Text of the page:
Privacy vs. public safety
Alexander Heffner’s comments about gun control on college campuses (Perspective, February 13) resemble the sentiments of many folks who have a limited understanding of the carefully crafted framework within which mental health professionals balance privacy and public safety. Privacy laws are already significantly mitigated in favor of public safety with regard to mental health issues. To my knowledge, we do not arrest people for having the mere thought of robbing a bank or assaulting an unwitting citizen on the streets, and yet we do intervene when people have serious thoughts of harming themselves or someone else. We cannot further reduce privacy laws to act on speculation, lest we fail to engage the very people in therapy who might be capable of such horrible acts. In my 18-plus years as a social worker, I believe that I have been called upon only once to assess whether someone might be dangerous to others (and in the end was not). And yet I have dealt with hundreds of depressed people. I think we all like to comfort ourselves by thinking that every tragedy is preventable and that someone must be at fault. Somehow I can’t see that anyone did anything wrong in Arizona except fail to be an adequate fortuneteller.
Brian Cahillane, assistant director, counseling center at Westfield State University
Let’s lend a hand
Charles P. Pierce’s essay on citizens who don’t remove snow from fire hydrants (Pierced, February 6) really hit the mark, and it points out a much larger problem. Self-reliance and independent thinking by the public have ebbed away. People rely too much on the government and don’t consider their neighbors.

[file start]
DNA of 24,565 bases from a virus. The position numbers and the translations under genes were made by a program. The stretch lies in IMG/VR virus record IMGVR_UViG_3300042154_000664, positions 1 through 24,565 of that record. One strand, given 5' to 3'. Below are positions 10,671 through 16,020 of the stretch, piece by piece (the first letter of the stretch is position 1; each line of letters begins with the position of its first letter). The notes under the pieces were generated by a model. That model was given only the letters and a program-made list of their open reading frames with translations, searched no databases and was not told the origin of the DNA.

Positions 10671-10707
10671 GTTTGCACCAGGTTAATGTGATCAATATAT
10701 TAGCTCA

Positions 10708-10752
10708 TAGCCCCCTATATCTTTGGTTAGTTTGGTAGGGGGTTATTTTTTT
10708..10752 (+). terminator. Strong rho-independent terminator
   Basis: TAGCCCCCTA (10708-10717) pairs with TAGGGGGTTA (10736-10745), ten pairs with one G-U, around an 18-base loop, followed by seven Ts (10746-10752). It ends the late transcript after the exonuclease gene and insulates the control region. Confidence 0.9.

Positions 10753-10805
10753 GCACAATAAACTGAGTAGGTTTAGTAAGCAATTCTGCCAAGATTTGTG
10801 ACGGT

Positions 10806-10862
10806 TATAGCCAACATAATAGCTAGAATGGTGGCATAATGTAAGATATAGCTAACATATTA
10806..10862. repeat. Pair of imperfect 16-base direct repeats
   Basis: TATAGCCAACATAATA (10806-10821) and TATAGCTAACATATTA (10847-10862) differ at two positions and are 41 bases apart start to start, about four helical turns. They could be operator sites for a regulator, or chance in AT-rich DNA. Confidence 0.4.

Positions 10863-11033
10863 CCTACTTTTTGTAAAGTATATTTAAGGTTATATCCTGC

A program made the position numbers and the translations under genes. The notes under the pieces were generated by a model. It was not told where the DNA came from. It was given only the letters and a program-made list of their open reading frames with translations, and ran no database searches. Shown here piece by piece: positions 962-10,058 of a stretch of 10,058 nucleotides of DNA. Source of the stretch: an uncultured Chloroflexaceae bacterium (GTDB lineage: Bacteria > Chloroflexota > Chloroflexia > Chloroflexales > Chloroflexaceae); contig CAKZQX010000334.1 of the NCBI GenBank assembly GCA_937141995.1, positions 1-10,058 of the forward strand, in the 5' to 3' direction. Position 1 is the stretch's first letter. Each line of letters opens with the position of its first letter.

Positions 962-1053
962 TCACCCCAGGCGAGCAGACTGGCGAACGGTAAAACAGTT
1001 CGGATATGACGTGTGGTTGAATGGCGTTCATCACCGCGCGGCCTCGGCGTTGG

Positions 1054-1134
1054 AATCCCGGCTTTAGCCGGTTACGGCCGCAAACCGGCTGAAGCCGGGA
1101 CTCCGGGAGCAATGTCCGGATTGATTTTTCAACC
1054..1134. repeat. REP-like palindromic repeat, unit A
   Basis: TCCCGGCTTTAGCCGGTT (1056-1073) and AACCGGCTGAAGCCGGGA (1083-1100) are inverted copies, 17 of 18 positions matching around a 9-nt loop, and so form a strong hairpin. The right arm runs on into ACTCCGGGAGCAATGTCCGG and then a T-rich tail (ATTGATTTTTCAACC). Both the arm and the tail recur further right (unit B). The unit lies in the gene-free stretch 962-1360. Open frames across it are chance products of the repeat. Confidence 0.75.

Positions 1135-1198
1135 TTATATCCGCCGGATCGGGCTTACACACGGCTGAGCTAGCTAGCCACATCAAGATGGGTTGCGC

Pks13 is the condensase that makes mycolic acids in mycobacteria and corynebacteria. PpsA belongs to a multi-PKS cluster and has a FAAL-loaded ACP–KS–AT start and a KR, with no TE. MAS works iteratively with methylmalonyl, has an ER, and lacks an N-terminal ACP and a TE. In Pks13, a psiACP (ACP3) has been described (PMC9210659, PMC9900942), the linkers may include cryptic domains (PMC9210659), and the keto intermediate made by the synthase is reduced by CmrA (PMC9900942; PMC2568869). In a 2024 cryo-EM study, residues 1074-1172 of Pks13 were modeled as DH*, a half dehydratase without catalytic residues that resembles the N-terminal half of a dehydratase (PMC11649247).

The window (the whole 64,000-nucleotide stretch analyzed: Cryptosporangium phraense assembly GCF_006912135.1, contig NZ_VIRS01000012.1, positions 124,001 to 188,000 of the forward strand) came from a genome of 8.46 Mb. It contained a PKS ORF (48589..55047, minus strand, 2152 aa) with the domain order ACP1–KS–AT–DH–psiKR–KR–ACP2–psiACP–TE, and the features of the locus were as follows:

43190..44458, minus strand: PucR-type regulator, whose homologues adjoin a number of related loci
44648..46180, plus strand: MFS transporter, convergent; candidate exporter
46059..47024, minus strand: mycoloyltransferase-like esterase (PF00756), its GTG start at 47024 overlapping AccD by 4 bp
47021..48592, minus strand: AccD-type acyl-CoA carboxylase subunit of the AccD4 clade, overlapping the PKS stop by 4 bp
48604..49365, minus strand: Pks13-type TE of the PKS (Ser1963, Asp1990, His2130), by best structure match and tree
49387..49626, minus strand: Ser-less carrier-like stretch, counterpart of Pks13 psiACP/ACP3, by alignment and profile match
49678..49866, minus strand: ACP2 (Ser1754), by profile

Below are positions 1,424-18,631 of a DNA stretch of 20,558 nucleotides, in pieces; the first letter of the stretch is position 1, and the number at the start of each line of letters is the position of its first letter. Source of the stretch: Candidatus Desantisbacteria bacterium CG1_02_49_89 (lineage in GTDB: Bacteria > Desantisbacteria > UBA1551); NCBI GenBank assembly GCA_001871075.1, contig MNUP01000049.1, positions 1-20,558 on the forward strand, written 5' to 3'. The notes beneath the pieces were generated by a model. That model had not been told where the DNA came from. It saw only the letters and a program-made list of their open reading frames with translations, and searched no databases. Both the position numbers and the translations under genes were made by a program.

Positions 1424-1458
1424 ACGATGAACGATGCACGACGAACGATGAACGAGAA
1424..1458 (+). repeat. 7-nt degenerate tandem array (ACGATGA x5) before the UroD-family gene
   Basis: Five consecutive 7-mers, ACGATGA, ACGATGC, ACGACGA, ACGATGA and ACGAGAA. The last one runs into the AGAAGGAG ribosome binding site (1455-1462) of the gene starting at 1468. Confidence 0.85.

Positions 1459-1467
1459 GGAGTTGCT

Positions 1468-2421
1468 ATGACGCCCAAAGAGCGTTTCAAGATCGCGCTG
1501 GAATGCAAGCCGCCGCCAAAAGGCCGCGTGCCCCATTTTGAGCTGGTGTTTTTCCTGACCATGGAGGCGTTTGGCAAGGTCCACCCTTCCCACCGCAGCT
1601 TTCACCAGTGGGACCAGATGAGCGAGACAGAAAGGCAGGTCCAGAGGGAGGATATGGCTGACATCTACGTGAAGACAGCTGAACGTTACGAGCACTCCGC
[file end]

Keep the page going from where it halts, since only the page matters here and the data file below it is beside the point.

Carl Derderian / Watertown
I would rather let my house burn to the ground than have to do what the fire department is (over)paid to do: shovel out hydrants. It’s a very rare day that they are doing anything, so I don’t think it is too much to ask that they maintain the hydrants. Next, should we do their cooking and polish their equipment, too?
Peter Flato / Ipswich
Publish or bust
I usually find Miss Conduct’s column one of the high points of the Sunday Globe. However – you knew that was coming – I would suggest that young A.M.D. keep writing editorials and not wait a year before pitching his newspaper again (February 13). I have become addicted to trying to publish an Op-Ed. It’s reactionary therapy, cheaper than a trip to the psychiatrist. At least A.M.D. got a response. Most of my epistles disappeared into a black hole, never to be heard of again.
George Binns / Beverly
I read the letter to Miss Conduct about European versus American use of the fork and knife (February 13). I see more and more of my fellow Americans using their forks in the European manner. It is so much more convenient!
Edward Franks / Boston
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